Google has introduced a number of touch-screen features to an experimental version of its Chrome web browser, known as Canary.
The latest version of Canary was updated overnight so that it now includes a slide-to-navigate feature that allows users to swipe the screen left or right to go forwards or backwards on web pages, according to The Verge.
Meanwhile, an "enable pinch scale" option suggests that Google is experimenting with pinch-to-zoom features for its desktop version of Chrome.
Google is also supporting an onscreen keyboard in Canary for Windows 8 users that appears when the user taps the address bar or a text box.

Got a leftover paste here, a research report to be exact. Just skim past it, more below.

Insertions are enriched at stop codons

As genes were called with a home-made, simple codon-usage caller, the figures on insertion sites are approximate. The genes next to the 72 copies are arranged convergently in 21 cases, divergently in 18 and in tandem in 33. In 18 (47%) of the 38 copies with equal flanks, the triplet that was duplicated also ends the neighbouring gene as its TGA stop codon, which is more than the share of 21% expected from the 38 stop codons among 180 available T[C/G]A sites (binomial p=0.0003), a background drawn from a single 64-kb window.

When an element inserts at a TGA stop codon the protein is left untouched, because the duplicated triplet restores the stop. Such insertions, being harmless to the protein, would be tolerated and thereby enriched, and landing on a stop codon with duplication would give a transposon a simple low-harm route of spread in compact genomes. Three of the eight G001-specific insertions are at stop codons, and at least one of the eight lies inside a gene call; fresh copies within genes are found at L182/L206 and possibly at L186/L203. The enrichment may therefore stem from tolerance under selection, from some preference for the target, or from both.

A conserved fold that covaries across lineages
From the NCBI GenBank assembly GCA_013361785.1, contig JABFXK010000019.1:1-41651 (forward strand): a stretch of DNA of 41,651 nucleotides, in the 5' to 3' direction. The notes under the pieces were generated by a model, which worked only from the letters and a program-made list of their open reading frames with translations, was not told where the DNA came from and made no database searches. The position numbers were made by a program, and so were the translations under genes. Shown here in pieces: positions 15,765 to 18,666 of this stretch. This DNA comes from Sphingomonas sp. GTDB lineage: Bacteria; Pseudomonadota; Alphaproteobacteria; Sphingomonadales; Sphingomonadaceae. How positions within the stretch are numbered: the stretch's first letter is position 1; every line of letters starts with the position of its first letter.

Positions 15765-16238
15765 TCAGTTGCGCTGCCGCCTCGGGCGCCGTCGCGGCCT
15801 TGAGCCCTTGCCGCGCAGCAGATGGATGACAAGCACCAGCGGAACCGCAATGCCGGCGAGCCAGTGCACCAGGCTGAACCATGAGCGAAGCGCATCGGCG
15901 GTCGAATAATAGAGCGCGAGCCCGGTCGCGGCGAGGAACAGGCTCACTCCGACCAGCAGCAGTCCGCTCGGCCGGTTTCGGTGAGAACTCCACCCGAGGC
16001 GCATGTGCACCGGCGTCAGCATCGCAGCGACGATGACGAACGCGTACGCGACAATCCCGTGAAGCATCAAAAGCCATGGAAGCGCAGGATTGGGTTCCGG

Google warns users that Canary is prone to complete failures and is designed for developers and early adopters.
The need for touchscreen features has been driven by an increase in the number of machines that are touchscreen compatible, including a range of Windows 8 devices and Google's own touchscreen Chromebook Pixel.
The stable Chrome browser has 750 million active users browsing across multiple operating systems.
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